The formal verse to be found in the Bible was, of course, Hebrew. I say “of course” because most of it is in the Tanakh[iii] — what Christians call the Old Testament. Although the “Apocalypse of John” in the New Testament, known to us by its Latin name “Revelation,” was written in imitation of the poet-prophets of Israel, most of the New Testament is prose. As is most of the Tanakh. And most of the Hebrew poetry in the Bible comes from Nevi’im, or, The Prophets, the second part of the Tanakh. According to the source of the text upcoming (you knew there was more poetry to come):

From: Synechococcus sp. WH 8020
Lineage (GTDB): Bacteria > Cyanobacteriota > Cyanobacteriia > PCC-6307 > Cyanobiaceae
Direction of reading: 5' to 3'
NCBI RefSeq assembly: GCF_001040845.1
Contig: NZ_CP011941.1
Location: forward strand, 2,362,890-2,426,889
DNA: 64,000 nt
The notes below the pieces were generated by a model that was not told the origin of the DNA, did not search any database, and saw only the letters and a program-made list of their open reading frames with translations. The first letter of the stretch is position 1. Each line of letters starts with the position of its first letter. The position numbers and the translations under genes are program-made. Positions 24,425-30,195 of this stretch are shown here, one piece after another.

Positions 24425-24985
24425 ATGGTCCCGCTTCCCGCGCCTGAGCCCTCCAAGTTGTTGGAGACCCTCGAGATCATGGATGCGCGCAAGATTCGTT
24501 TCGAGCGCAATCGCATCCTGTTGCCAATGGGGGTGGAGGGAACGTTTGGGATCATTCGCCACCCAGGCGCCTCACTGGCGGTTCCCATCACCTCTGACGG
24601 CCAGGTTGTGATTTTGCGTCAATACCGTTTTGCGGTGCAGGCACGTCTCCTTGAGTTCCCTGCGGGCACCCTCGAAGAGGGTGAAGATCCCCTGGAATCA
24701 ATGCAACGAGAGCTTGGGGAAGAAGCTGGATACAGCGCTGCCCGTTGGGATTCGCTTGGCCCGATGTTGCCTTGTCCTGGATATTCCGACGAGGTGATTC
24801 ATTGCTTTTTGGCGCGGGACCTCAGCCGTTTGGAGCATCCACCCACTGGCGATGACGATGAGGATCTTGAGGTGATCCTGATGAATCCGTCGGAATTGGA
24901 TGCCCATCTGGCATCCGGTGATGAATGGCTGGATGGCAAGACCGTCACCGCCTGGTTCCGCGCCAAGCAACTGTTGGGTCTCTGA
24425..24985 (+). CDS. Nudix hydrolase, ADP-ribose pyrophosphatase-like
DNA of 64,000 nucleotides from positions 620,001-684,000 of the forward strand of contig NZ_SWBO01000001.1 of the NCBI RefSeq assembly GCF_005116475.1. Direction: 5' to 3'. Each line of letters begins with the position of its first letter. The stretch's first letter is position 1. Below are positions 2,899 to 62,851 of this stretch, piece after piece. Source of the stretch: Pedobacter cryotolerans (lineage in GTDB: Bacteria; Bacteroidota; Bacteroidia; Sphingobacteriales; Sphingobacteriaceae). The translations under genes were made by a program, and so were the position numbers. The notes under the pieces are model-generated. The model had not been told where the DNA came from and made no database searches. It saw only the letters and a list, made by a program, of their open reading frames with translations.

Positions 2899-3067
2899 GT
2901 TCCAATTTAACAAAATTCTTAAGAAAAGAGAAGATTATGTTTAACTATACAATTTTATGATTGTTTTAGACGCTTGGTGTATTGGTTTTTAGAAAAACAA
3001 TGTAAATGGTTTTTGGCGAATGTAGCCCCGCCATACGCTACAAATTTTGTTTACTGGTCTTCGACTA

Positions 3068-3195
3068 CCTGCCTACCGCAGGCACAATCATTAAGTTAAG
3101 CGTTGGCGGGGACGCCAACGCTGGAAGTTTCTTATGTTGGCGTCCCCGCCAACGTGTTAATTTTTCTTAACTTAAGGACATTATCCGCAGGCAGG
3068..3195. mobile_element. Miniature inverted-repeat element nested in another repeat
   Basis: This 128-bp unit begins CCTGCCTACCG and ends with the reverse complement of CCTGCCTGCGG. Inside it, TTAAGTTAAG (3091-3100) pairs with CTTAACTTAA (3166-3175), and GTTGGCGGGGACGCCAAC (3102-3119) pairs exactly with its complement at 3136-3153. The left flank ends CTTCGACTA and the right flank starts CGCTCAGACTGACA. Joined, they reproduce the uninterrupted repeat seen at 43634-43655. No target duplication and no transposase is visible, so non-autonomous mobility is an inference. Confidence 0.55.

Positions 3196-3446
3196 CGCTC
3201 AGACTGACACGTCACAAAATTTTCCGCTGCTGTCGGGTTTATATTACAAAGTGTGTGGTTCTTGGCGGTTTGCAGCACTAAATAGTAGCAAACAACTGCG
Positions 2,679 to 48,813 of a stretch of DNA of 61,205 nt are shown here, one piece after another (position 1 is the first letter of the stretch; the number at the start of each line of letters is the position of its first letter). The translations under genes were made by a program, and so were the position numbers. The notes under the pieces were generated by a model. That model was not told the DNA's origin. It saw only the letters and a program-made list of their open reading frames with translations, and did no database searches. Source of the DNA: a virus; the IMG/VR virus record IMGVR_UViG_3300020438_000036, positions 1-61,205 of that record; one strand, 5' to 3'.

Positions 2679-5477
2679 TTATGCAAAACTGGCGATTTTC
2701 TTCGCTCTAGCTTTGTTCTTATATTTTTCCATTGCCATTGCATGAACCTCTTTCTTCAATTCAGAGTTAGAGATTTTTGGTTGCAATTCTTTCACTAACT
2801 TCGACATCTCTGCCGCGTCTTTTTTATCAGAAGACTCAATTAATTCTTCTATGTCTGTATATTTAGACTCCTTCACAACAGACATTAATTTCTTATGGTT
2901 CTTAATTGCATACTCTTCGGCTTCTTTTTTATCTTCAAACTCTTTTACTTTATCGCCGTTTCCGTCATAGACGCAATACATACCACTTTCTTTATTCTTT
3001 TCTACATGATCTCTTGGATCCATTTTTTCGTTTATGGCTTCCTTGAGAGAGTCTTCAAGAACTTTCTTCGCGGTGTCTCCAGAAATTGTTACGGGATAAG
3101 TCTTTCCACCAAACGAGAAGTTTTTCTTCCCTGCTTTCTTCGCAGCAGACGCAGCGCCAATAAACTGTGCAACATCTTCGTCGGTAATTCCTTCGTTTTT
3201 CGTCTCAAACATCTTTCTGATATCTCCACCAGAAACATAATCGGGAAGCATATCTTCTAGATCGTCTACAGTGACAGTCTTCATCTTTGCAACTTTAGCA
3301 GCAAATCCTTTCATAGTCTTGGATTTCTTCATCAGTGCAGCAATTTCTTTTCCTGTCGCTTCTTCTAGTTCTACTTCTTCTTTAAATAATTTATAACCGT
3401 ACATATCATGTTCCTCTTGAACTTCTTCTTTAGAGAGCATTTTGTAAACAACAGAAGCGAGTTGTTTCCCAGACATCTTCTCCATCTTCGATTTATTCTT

it is not always clear what parts of the original were poetry, nor how that poetry should be lineated; moreover, the King James Bible was made as a prose translation, and its words only sometimes work as verse. Nevertheless, the appearance of poetry, at the least, may act as a reminder that some parts were originally poetry. Sometimes it may do more, bringing out the structure of the poetry and more of the rhythm of the text. [iv]
So what were the elements of Hebrew poetry, unclear as they might be? Robert Alter identifies “the basic convention of semantic parallelism”[v] as most perceptible, especially in translation. See if you can identify it from this excerpt (speak the verse trippingly upon the tongue):